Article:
Double Dip Recession

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Double Dip Recession

A long-term macroeconomic trend characterized by a recession, a recovery, then another recession. For example, the United States economy entered a recession in 1929, which continued until 1933. Recovery continued until 1937, at which point a second recession began. Double-dip recessions often have weak recoveries in between the recessions (though the example above included some years of very strong growth); analysts therefore tend to worry about a double-dip recession when a recovery is weak.
References in periodicals archive ?
Double-dip recessions, also called "W shaped" recessions, are painful to investors as they get burned on the way down and then burned again on the temporary recovery.
On Thursday, Britain's Office for National Statistics did just that, now saying the country did not experience a double-dip recession in the first months of last year.
A double-dip recession is when a country's economy contracts, then returns to positive growth for a short period of time, then falls back into recession.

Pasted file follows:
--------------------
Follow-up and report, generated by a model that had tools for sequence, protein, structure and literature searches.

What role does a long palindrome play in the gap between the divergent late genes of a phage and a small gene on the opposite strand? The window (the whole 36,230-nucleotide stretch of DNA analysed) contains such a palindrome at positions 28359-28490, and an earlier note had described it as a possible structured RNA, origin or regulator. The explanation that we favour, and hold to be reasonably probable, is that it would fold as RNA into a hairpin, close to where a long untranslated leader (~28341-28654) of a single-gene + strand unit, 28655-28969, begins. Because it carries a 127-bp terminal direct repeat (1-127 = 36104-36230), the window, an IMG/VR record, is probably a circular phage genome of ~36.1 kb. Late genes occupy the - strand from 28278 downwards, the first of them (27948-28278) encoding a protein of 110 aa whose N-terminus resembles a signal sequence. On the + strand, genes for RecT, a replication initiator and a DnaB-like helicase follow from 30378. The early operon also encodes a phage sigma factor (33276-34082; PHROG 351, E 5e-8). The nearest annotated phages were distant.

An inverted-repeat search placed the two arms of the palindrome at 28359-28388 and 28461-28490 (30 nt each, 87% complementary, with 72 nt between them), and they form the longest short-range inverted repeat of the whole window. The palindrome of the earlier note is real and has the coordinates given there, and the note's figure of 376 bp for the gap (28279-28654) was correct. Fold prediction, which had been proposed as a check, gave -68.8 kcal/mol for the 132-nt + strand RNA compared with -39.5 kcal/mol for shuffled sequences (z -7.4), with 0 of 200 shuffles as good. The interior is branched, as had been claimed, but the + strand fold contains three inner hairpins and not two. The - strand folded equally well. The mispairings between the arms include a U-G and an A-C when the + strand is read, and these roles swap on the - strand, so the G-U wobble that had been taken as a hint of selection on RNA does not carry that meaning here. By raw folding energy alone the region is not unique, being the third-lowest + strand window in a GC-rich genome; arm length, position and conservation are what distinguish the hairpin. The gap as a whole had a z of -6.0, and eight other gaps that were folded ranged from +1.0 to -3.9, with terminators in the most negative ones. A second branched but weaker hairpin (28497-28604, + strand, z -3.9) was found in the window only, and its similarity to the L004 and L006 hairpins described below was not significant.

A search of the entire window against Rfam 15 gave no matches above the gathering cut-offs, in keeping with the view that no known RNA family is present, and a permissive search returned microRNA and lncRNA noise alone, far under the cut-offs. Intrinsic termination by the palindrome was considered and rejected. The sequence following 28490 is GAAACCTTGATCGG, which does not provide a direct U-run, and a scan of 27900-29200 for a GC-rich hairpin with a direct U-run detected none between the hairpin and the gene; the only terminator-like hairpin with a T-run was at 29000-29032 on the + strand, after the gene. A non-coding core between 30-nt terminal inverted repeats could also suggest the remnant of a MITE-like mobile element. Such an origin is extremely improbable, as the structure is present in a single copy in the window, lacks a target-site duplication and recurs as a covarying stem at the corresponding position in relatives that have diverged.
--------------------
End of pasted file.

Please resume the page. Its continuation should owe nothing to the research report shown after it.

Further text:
With these definitions we now use the business cycle reference dates established by the NBER and real gross domestic product data from the Bureau of Economic Analysis to evaluate the evidence for any double-dip recessions in the United States.
While this term dates back to at least the early 1980's, there does not appear to be a generally-accepted definition of what is meant by a double-dip recession in either academia or within the public sector.
Our primary conclusion is that the United States has experienced only one double-dip recession since 1929, that occurring in the immediate post-World War II period.
came to a double-dip recession in this period was the experience during the early 1980's when peak real GDP in the third quarter of 1981 was only $122 billion above the reversion point, achieved in the first quarter of 1980.